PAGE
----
Jets Are at Risk of Dangerous Radiation Levels

Given the correct atmospheric conditions, cruise altitudes might prove to be a dangerous place for humans.
Loukia Papadopoulos

A new study published in Eos is revealing that people need not leave Earth's atmosphere to be exposed to dangerous levels of cosmic radiation. The research shows that violent space weather could put them at risk even when flying on passenger jets.

"Hubert and Aubry [2021] simulate the radiation impact of a very severe, but credible, space weather event on air travel, with a major focus on the busy routes across the North Atlantic. Their simulation looks at many real tracks followed by aircraft in March 2019, and estimates the radiation doses that would have accumulated on-board if exposed to a severe atmospheric radiation storm, such as that thought to have occurred in AD 774/775," Michael A. Hapgood, Editor, Space Weather writes, discussing the new research.

"This simulation confirms previous literature (e.g. Cannon et al., 2013) showing that severe radiation storms could expose passengers and aircrew to radiation doses above the internationally agreed limits for public and occupational exposure to radiation. It adds to that by providing valuable insights into how that exposure might vary depending on several factors including the time profile of the storm, the direction of travel, and the location of the jet stream. I hope that this manuscript provides a stimulus for further work on assessing this rare, but important, space weather risk."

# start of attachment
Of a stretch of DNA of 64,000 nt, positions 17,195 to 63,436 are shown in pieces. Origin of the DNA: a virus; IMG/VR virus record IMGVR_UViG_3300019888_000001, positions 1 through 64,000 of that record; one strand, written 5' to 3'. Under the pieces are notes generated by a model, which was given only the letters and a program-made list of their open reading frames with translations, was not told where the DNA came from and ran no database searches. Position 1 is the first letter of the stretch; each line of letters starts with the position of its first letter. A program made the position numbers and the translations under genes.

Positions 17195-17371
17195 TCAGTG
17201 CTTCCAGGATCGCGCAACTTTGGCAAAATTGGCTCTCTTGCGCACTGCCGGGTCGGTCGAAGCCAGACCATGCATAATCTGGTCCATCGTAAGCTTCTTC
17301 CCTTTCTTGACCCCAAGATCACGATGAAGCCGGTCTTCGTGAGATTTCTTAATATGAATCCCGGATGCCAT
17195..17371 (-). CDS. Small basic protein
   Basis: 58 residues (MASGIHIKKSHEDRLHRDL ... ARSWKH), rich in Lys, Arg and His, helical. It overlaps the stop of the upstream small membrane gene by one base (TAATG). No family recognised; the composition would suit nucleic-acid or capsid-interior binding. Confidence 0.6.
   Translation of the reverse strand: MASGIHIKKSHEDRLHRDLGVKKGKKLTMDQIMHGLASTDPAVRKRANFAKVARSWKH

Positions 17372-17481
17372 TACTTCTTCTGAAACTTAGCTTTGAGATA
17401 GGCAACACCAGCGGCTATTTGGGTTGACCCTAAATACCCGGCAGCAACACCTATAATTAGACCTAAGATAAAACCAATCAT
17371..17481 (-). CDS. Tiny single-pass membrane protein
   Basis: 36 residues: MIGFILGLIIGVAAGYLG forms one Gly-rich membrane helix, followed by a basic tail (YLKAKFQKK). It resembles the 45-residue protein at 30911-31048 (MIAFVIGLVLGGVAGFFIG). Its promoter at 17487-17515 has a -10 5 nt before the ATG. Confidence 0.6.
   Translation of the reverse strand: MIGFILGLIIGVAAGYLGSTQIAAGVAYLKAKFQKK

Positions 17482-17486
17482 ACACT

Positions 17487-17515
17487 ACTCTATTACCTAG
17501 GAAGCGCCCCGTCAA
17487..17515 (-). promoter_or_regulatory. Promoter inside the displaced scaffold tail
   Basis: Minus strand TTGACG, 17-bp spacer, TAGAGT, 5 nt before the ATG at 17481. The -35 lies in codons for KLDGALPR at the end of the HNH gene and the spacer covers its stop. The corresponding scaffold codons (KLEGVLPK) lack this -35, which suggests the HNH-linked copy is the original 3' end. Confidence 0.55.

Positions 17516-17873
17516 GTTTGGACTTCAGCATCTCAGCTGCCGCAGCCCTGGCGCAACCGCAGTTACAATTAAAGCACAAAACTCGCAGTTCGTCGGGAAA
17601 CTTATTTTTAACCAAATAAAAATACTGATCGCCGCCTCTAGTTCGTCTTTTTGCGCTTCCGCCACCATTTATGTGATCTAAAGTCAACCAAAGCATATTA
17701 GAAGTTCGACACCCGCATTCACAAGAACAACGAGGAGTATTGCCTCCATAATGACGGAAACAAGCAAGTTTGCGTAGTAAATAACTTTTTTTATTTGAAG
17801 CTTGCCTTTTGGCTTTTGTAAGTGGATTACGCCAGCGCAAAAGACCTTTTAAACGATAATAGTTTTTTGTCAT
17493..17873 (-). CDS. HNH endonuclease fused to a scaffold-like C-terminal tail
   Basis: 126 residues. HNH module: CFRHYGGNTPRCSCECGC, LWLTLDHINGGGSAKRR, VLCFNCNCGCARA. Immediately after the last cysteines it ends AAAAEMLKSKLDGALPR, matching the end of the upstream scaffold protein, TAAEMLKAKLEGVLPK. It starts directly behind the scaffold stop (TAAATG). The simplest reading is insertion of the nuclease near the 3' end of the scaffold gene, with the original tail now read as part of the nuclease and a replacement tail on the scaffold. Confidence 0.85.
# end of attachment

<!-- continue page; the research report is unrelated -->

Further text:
How the data was modeled

The researchers published a paper in the journal Space Weather where they evaluated specific radiation storms that likely happened in the years 774 and 993 using as a basis a less severe storm from 2005. They called the storms solar energetic particle events and found that in storms as severe as the two first, passengers were exposed to dangerous levels of cosmic radiation.

Now, it should be noted that humans absorb radiation safely every day. However, when traveling at higher altitudes, humans are exposed to higher levels of radiation because the atmosphere cannot block it. Still, as long as there is no extreme weather event, that exposure is likely negligible.

The study however does bring an important factor for jet developers to take into consideration when engineering their planes. Extra measures must be taken to ensure both the passengers and electronic equipment are kept safe during extreme weather events.

"The orders of magnitude of the ambient dose equivalent induced during past extreme solar energetic particle (SEP) events raises a number of issues, both for aircrews and for avionics hardware. This study demonstrates that simulations can be useful for the evaluation of risks in case of extreme SEP events," write the researchers in their study.

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